To Advance Science, Imitate Nature

Biomimetics – the imitation of nature – continues to be one of the hottest areas in science.  Here are a few of the latest findings coming from the world of living creatures. Fish robot:  National Geographic News shows a photo of the latest thing in underwater robotics: a robotic submarine modeled after the Amazonian knifefish.  […]

Can SETI Be Quantified?

What is the probability of finding intelligent life on other planets?  In 1960, Frank Drake attempted to quantify that question with his famous Drake Equation (see MSNBC and NOVA, which allows you to estimate the probability with an interactive meter).  Trouble is, Stanley Miller and Leslie Orgel of primordial soup fame thought it was meaningless.  […]

Cambrian Explosion Solved: Elementary, My Dear Darwin

Two articles announced solutions to the evidential problem that most troubled Darwin – the sudden appearance of complex animals at the base of the Cambrian fossil record.  Both of them involve chemical elements.  The only difference is which element.     Science Daily announced a “Novel Evolutionary Theory For The Explosion Of Life.”  The article […]

How the Octopus Built Its Own Brain for Better Fishing

The octopus was glad to see fish evolve, but needed a bigger brain to catch them, so it evolved one of the most complex brains in the animal kingdom.  Is that the gist of this story in the Science blog Origins?  Greg Miller wrote in the style of a children’s storybook: Cephalopods—octopuses, squid, and their […]

Beethoven: It All Began With a Thump

Live Science in all seriousness, “When monkeys drum, they activate brain networks linked with communication, new findings that suggest a common origin of primate vocal and nonvocal communication systems and shed light on the origins of language and music.”     Choi reported on work at the Max Planck Institute for Biological Cybernetics to determine […]

What’s in a Name?  Sima Fossils Confuse Human Evolution Story

“A hush fell over the room….”  Ian Tattersall had just astonished paleoanthropologists gathered for a meeting on human origins in Gibraltar.  The group was puzzling over a treasure trove of hominin bones found in the mid-1990s at Sima de los Huesos in Spain.  What should they be called?     The co-discoverer, Juan Luis Arsuaga, […]

DNA Organization Is Fractal

How would you pack spaghetti in a basketball (07/28/2004) such that you could get to any strand quickly?  You might try the “fractal globule” method.  You form little knots, or globules, on each strand.  These become like beads on a string.  Now you fold the beads into globules, and then fold those into higher-level globules.  […]

Fossil Said to Enlighten Evolution of the Ear

Did mammal ear bones evolve?  If so, it was not a straightforward Darwinian progression.  Authors of a paper in Science who announced a new Cretaceous mammal fossil from China had to invoke convoluted explanations to keep the evolution story intact. Science Daily shows an artist’s conception of Maotherium, a chipmunk-sized mammal said to have lived […]

How to Name a Protoplanet

Pallas has long been classified as an asteroid, but all of a sudden in the news media, everyone is calling it a protoplanet.  How did it get promoted?     The picture being painted of asteroid 2 Pallas is that of a planetary building block that failed in its attempt to grow into another real […]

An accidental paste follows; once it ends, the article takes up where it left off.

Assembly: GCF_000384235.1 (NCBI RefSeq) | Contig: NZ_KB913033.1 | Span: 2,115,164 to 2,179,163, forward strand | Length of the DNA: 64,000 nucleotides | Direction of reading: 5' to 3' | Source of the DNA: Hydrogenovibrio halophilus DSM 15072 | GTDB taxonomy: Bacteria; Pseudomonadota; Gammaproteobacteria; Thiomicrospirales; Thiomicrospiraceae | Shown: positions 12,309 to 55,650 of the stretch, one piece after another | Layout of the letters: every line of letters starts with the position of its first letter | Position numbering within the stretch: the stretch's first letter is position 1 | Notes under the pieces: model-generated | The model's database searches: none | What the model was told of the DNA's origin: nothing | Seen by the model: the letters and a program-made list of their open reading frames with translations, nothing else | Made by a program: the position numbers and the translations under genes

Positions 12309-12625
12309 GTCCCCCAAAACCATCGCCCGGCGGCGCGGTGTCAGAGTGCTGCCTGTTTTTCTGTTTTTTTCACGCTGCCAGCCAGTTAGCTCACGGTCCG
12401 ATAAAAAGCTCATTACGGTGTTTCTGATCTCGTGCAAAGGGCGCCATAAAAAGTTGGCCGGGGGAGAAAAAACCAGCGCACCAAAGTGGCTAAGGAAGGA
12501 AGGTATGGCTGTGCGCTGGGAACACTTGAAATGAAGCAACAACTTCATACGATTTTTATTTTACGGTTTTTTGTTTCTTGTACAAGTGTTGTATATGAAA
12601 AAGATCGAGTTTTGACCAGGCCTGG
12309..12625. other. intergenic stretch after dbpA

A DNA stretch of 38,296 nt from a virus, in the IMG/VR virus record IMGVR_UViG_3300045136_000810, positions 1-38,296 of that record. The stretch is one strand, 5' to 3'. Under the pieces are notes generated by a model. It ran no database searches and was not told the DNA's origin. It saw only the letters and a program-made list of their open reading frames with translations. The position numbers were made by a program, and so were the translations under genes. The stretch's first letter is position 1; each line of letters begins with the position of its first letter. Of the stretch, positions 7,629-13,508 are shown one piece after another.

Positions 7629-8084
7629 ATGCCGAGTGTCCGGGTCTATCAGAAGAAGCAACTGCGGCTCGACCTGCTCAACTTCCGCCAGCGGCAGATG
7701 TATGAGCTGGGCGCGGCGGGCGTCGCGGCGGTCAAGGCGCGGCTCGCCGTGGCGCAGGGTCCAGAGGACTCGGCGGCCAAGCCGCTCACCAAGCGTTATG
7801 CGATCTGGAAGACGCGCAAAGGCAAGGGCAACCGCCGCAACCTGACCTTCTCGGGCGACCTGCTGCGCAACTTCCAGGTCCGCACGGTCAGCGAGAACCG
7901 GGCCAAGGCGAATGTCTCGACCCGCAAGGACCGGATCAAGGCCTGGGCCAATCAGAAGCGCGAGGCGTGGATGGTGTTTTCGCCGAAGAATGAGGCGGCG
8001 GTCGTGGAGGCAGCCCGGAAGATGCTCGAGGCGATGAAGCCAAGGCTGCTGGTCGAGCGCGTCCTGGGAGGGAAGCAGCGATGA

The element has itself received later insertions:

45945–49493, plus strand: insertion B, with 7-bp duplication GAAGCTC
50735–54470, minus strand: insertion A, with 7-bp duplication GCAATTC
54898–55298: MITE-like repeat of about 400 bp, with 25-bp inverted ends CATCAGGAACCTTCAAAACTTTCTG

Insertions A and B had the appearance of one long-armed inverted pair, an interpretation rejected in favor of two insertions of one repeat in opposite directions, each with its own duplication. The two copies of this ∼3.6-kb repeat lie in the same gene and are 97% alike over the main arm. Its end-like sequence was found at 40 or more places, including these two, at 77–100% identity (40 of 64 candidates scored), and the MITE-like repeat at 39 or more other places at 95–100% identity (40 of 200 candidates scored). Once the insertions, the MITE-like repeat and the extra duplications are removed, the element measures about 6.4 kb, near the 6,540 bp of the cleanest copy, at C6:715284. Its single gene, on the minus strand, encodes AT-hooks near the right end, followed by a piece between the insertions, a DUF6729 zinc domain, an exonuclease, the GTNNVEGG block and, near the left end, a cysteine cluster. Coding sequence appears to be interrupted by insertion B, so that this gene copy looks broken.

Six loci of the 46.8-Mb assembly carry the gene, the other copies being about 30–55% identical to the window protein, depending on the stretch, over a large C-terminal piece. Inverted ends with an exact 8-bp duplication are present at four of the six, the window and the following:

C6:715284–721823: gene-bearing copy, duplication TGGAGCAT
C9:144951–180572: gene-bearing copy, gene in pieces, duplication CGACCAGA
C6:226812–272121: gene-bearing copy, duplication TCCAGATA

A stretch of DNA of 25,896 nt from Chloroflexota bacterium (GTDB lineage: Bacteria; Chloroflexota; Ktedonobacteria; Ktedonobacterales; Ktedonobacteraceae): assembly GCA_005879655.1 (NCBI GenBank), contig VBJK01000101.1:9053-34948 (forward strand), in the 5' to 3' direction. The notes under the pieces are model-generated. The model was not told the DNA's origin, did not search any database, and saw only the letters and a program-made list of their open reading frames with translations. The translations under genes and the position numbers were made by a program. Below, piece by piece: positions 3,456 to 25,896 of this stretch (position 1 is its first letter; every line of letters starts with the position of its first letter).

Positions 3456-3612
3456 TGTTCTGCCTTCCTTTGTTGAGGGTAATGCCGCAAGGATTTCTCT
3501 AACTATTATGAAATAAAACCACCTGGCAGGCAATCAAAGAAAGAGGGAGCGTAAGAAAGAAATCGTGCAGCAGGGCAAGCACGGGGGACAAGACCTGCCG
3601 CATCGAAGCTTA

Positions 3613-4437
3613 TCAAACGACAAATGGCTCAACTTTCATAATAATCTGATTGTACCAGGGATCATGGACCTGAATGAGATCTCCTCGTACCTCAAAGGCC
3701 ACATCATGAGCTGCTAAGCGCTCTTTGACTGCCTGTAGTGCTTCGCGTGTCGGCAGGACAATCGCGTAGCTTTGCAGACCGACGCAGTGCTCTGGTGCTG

Chemistry Nobel Celebrates Cell Complexity

A discovery rivalling the elucidation of the genetic code is the structure of the ribosome – the “molecular machine” that translates the DNA code into proteins.  Untangling the complexity of this multi-part system won three scientists the Nobel Prize for Chemistry (see BBC News).  The winners are Venkatraman Ramakrishnan, Thomas Steitz and Ada Yonath.   […]

How to Copy a Butterfly Wing

Here’s what you have to do to copy a butterfly wing without destroying it: create compounds using Germanium, Selenium and Stibium.  Combine thermal evaporation and substrate rotation in a low pressure chamber.  Immerse in an aqueous orthophosphoric acid solution to dissolve the chitin.  If you are lucky, you can copy the delicate nanostructure of a […]

Cosmology: Truth or Style?

If you follow cosmology, you’re familiar with WMAP, Type-1a supernovae, gravitational lensing, inflation and a host of technical terms.  They seem authoritative because they rely on respectable laws like gravity and general relativity.  In an article in Nature today, however, Richard Massey pictured the whole enterprise as a matter of fashion, not fact.     […]

Lotus Glass Repels Water, Dirt, Bacteria

Imagine never having to wash your windows again.  That would be a huge boon not only for window washers on skyscrapers, but for astronauts on the space shuttle or space station.  It may become a reality, thanks to the lotus plant.     Science Daily reported on work by a company in Atlanta that has […]

Evolutionists Answer ‘Why’ Questions With ‘Stuff Happens’

Why do ants walk single file?  Why are goldfish gold?  Why do worms come up on the sidewalk in the rain?  Exasperated parents sometimes answer the incessant questions of their young children with “It’s just the way things are!”  Presumably science does a better job of explanation, but one might wonder if the following evolutionary […]

Crusty Salt Incubates Raw Ingredients for Life

Science Daily asked, “Could salt crusts be key ingredient in cooking up prebiotic molecules?”  What if the answer is “No”?  Just asking the question must be newsworthy.  It invokes the power of suggestion.     Stefan Fox told members of the European Planetary Science Congress last week that his team cooked up a new idea […]
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